How many times has USMNT played in Copa América? What was their best result?
So far at the Copa América, the United States men’s national team has either flopped completely or been on the verge of a final berth.
The United States men’s national team (USMNT) will next year make its fifth appearance at the Copa América - a tournament at which the Stars and Stripes have so far alternated between extreme highs and lows: they’ve either bombed in the group stage, or been one step away from a sensational final appearance.
US the stage for CONMEBOL-CONCACAF Copa América
The US is to host the 2024 Copa América, which will also see five other teams from the Central American, North American and Caribbean region (CONCACAF) take part in a competition that’s chiefly contested by nations belonging to CONMEBOL, South America’s soccer confederation.
The involvement of non-South American sides in the Copa América is nothing new. Since the early 1990s, CONMEBOL has made a habit of filling out the typically 12-team tournament with countries from other regions, to compensate for the fact that South America’s governing body only has 10 member nations.
What’s more, this is not the first time that CONMEBOL has joined forces with CONCACAF to hold an expanded, 16-team Copa América with a 10+6 mix of countries from the two confederations. This was the case in 2016, when the US was also awarded hosting duties for a special, centenary edition of the tournament.
Before the States became the first nation from outside CONMEBOL to stage the Copa América seven years ago, the USMNT had also been invited to take part in the tournament in 1993, 1995 and 2007.
USMNT’s previous Copa América appearances: a timeline
1993 Copa América: out in the group stage
On their Copa América debut, the USMNT came rock bottom of their first-round group, managing just one point as they finished behind Ecuador, the tournament hosts, and Uruguay and Venezuela. The Americans’ sole draw was against the Venezuelans in their final Group A game - a 3-3 thriller that saw Bora Milutinovic’s side throw away a three-goal half-time lead.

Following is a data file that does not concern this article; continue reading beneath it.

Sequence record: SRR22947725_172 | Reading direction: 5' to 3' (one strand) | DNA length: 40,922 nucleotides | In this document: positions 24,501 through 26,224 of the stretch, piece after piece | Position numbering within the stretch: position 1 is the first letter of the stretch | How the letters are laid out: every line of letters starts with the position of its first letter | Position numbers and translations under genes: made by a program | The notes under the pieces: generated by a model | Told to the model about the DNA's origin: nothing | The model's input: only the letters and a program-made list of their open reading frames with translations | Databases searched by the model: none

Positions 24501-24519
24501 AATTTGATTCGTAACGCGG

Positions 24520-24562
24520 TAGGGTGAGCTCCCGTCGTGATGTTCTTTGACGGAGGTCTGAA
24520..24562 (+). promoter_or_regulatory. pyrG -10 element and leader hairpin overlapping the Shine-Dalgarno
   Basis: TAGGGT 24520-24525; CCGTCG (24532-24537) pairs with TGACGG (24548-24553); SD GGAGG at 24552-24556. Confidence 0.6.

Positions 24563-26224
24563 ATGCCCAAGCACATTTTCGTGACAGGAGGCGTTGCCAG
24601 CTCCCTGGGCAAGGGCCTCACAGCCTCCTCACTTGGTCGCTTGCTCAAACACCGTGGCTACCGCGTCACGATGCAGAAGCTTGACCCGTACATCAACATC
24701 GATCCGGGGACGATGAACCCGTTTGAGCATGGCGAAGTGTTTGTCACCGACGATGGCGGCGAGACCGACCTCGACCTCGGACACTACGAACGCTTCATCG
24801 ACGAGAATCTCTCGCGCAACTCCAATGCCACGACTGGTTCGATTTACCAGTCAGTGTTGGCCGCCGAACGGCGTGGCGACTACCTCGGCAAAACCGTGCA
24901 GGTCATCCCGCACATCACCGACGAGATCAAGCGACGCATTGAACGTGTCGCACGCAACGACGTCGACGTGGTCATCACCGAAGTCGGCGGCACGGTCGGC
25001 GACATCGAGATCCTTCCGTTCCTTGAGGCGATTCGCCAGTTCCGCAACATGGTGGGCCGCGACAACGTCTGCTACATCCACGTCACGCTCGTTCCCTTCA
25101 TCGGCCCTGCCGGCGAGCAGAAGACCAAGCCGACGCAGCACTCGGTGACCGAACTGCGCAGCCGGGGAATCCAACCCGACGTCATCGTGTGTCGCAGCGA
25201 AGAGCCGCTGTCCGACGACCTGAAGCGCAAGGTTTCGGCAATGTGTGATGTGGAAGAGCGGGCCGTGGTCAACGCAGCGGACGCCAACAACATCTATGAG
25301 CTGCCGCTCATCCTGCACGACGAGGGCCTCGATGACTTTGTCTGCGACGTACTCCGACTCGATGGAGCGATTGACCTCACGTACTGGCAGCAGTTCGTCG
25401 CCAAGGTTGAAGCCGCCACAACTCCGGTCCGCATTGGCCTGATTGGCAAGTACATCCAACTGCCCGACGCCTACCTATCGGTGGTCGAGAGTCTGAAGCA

1995 Copa América: surprise semi-finalists
Two years later, the USMNT did a whole lot better - so much so that they made an unexpected run to the semi-finals, topping their group on the way. The highlight of their tournament was a 3-0 humbling of Argentina on matchday three of the round-robin phase. Frank Klopas, Alexei Lalas and Eric Wynalda got the goals in what is one of the biggest results in the USMNT’s history.
Having squeezed past fellow invitees Mexico on penalties in the quarter-finals, the US were edged out by then-world champions Brazil in the semis, going down to Aldair’s first-half goal. A fourth-place finish was confirmed when Steve Sampson’s men were thumped 4-1 by Colombia in the third-place playoff.
2007 Copa América: basement boys again
When the USMNT next featured at the Copa América, in Venezuela in 2007, they delivered their worst performance to date. The Stars and Stripes lost all three group games, conceding eight goals in the process. Most notably, Argentina gained a measure of revenge for their three-goal defeat 12 years earlier, giving the US a taste of their own medicine with a 4-1 thrashing in Group C.
2016 Copa América: a semi-final return
At their next and most recent Copa América nine years later, the USMNT once more bounced back with a semi-final finish. Despite an opening defeat to Colombia, the hosts came top of Group A, before beating Ecuador 2-1 to set up a last-four clash with Argentina.
Coached by Jürgen Klinsmann, a man who had defeated the Argentinians to clinch a World Cup winners’ medal as a player, the Americans suffered another Copa América mauling by the Albiceleste: after first-half goals by Ezequiel Lavezzi and Lionel Messi, Gonzalo Higuaín added two more after the break as Argentina triumphed 4-0 in Houston.
As in 1995, the USMNT were then beaten by Colombia in the third-place playoff, Carlos Bacca’s goal giving Los Cafeteros a 1-0 win.
When is the 2024 Copa América?
The 2024 Copa América is to take place between 20 June and 14 July 2024, with the final to be held at Miami’s Hard Rock Stadium.
Although the USMNT are tournament hosts, this is the first time that they were not given automatic entry to the Copa América. Gregg Berhalter’s men had to earn their place at the finals through the 2023/24 CONCACAF Nations League.
Along with Argentina, Brazil and Mexico, the USMNT has been confirmed as one of the four top seeds in the 2024 Copa América draw, which will be held in Miami on Thursday 7 December 2023.